Overcrowding and lack of medicine fuelled death toll
“We also have to consider how well children were when they went into the home.
“What is noticeable is that fewer children died from intestinal infectious diseases and diarrhoea which should have been quite rampant among the institutionalised population.
He said he understood that children who died in Ir ish orphanages showed evidence of malnutrition, but not at Smyllum.
“There are very few deaths from malnutrition at Smyllum,” he said.
But he added that details given on death certificates were not always accurate.
“Death certificates were completed with whatever the doctors wanted to put on them, suggesting that they were not always accurate.”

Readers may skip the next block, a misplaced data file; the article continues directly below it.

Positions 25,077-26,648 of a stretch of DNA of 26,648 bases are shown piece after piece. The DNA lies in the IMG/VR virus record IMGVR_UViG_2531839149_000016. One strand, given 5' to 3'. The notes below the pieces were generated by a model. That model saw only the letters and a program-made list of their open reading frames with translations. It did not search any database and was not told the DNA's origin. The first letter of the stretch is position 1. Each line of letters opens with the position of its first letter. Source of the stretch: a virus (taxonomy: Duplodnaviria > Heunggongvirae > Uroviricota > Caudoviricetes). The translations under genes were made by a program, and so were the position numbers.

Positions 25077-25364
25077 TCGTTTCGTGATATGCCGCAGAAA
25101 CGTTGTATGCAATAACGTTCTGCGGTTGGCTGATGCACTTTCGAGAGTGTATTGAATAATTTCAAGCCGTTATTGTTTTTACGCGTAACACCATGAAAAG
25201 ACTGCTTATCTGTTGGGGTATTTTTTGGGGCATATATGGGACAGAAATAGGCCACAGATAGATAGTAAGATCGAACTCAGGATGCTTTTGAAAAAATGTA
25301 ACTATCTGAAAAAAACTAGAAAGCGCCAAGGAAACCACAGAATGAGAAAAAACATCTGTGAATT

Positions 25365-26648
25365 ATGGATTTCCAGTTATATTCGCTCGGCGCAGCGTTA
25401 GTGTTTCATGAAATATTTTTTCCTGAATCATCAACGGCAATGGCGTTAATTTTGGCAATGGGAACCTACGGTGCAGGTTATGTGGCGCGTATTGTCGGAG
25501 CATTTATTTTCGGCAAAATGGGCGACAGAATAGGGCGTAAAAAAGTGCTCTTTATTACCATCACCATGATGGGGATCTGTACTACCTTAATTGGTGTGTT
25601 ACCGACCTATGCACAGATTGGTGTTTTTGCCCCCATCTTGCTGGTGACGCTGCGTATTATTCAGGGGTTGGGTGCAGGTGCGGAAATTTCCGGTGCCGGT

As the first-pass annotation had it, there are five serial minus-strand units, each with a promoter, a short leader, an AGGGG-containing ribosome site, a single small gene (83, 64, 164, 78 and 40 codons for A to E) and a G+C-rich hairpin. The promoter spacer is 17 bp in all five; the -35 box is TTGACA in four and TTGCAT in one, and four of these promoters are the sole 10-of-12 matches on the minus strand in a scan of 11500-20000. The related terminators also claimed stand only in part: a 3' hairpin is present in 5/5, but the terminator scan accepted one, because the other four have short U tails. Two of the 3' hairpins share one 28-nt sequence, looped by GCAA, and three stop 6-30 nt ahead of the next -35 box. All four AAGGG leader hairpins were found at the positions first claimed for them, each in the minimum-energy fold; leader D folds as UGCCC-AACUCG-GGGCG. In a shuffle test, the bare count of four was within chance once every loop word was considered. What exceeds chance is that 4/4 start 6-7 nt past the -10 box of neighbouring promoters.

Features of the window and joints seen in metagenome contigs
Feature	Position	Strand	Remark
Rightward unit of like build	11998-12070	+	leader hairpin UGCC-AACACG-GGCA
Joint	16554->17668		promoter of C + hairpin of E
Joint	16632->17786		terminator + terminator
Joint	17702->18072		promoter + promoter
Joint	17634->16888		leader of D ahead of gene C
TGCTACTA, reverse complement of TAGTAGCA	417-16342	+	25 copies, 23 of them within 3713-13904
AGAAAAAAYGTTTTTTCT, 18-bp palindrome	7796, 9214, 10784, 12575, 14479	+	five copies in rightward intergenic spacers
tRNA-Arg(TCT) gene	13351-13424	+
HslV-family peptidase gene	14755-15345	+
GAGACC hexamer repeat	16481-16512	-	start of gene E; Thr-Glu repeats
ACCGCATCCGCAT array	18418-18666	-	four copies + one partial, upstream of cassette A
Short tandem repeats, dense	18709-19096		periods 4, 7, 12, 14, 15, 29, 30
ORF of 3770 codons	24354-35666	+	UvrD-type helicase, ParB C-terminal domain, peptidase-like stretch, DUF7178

The mortality rate among one to 14- year- olds at Smyllum, between 1864 and 1981, was at
least 30 deaths per 1,000 children.
Figures from the National Records of Scotland reveal the highest mortality rate among children aged between one and 14 was in 1901, when 10.4 deaths per 1000 were recorded.
Professor Dame Sue Black, a leading forensic anthropologist, whose previous work includes identifying the victims of conflict in Kosovo, Sierra Leone and Iraq, said: “I don’t detect any suspicious patterns either in numbers, relationship to the Sisters becoming informants, or the nature of the death as certified.
“At times, in such conditions, I suspect it is difficult to know what is bronchitis and what is TB and apart from a few classic ones that I have seen many times before, for example, fainting, teething etc there is nothing obviously out of order.”
She added that moder n standards of medicine were far more exact than in the past, which should be taken into account when reviewing historic medical documents.
“Older death certificates often throw up one or two cause of deaths that we wouldn’t see in modern times where we are more specific and less speculative.”